Is it possible to achieve arbitrary precision to the calibration of the extrinsic parameters of a camera or is there a minimum error wich can not be compensated (probably dictated by the camera's resolution)?


It is not possible to achieve arbitrary precision in camera calibration, precisely because of camera resolution and camera imperfections (e.g. lens distortion, which is only approximated in the calibration of intrinsic parameters).

That, however, isn't usually the worst part of the deal. You can go a long way if you are able to fabricate your calibration target with a decent precision. According to Trucco (p.124):

The accuracy of calibration depends on the accuracy of the measurements of the calibration pattern; that is, its construction tolerances. To be on the safe side, the calibration pattern should be built with tolerances one or two order of magnitudes smaller than the desired accuracy of calibration. For example, if the desired accuracy of calibration is 0.1mm, the calibration pattern should be built with tolerances smaller than 0.01mm.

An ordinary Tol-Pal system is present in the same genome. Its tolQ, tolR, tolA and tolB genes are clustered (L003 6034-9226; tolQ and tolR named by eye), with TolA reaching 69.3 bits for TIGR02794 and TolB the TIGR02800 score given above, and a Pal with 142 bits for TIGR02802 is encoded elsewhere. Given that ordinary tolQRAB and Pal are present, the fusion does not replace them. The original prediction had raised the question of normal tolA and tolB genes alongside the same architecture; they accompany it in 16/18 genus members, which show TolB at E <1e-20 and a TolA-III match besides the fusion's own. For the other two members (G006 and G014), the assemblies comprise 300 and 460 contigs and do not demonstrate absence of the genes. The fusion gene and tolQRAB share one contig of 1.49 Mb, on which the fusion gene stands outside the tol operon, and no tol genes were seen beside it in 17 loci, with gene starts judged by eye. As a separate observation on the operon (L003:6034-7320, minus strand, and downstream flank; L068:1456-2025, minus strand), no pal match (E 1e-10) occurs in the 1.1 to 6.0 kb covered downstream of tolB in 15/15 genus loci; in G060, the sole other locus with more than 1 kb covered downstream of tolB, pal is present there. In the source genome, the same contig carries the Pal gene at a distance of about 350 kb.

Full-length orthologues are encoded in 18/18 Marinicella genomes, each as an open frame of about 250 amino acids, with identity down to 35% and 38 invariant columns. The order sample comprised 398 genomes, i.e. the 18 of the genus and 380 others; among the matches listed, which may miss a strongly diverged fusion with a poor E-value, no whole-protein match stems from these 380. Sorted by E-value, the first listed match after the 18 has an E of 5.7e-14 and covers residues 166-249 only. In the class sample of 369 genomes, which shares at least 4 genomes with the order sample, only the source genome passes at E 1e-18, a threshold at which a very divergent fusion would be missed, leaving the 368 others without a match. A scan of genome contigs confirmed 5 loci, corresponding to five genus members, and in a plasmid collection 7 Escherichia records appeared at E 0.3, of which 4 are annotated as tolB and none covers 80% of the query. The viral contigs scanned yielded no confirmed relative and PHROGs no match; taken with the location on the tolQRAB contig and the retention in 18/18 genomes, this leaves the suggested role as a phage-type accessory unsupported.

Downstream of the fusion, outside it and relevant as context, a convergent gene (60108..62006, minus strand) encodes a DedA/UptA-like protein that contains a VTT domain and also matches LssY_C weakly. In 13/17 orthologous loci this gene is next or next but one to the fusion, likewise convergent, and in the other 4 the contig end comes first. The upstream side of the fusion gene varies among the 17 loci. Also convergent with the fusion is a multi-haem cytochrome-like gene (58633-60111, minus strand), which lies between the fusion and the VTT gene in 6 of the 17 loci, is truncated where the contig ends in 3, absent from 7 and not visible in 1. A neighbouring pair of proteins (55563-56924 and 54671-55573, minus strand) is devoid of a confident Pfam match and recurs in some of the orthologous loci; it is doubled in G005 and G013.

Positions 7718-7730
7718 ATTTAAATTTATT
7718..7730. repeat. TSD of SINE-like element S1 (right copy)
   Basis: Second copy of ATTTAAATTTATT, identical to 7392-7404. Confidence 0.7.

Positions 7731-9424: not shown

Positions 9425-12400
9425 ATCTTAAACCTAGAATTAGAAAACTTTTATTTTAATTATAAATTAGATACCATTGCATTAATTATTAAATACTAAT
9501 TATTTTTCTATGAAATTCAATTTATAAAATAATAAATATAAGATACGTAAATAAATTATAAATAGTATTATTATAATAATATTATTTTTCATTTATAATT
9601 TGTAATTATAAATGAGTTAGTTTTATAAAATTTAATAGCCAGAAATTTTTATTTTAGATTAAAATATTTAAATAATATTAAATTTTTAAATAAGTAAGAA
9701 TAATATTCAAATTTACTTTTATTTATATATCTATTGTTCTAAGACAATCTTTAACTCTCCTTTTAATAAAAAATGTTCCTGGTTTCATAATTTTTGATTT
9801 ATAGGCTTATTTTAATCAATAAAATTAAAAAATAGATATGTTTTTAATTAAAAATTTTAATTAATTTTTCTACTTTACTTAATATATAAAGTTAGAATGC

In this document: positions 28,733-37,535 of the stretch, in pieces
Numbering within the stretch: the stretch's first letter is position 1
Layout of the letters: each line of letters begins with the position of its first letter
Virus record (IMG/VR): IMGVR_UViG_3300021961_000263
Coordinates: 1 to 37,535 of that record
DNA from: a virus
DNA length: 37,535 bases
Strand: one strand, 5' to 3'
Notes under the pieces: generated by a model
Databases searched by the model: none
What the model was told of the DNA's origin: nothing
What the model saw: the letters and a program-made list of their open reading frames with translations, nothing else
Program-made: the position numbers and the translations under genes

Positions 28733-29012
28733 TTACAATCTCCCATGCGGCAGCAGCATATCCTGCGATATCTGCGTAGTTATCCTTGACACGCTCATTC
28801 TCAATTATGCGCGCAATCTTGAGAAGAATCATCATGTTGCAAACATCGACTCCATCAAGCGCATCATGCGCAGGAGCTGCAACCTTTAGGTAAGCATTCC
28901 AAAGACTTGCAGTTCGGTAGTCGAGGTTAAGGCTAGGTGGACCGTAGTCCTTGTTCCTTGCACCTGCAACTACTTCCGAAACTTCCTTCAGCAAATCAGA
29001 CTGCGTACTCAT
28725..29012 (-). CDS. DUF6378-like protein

A good quote for common sense, also by Trucco (p.136):

A practical guideline is: the effort going into improving calibration accuracy should be commensurate to the requirements of the application.

[1] E. Trucco, A. Verri. Introductory Techniques for 3-D Computer Vision. Prentice Hall, 1998


Your Answer

By clicking “Post Your Answer”, you agree to our terms of service, privacy policy and cookie policy

Not the answer you're looking for? Browse other questions tagged or ask your own question.